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Wild turkeys once again plentiful in Michigan

November 29, 2013
The Mining Journal

LANSING (AP) - The wild turkey has completed its comeback in Michigan, but not all are thrilled with the development. Farmers say the birds eat wheat and pull corn out of the ground soon after the crops begin to sprout, and they also like to make nests in farms' hay fields.

Wild turkeys also have become a traffic hazard.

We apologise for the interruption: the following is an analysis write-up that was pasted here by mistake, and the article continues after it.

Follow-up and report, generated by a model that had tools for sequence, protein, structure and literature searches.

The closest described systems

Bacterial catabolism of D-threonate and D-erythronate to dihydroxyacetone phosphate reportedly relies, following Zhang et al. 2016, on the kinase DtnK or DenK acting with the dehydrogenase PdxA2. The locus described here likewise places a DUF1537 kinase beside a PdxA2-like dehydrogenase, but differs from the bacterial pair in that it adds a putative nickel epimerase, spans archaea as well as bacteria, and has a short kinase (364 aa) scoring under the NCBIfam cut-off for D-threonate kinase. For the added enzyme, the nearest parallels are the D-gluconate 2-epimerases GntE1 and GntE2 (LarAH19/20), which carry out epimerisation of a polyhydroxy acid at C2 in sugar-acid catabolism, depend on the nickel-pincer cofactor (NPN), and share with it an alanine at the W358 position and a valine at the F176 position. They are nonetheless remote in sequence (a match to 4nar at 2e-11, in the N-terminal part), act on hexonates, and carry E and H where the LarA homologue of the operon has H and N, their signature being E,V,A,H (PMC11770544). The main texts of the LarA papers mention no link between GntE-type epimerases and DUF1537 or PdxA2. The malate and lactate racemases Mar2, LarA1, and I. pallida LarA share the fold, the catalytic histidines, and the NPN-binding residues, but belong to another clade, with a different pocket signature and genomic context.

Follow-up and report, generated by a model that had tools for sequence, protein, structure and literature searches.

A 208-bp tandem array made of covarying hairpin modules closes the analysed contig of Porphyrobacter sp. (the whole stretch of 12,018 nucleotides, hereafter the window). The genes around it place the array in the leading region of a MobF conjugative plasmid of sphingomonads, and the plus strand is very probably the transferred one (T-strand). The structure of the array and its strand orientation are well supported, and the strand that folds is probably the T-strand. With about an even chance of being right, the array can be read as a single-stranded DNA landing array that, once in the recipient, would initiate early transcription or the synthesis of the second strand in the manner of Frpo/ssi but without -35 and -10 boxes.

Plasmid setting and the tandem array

The sometimes noisy birds are plentiful throughout the state, which is a quite a change from early last century, when gobblers and hens had been wiped out by habitat loss and unregulated hunting.

"We went from having lots of wild turkeys to zero turkeys by the turn of the century," Al Stewart, the Michigan Department of Natural Resources upland game bird specialist, said. "Michigan wasn't alone in this decline of wild turkeys. It was one of the later states to lose their birds."

 
 

 

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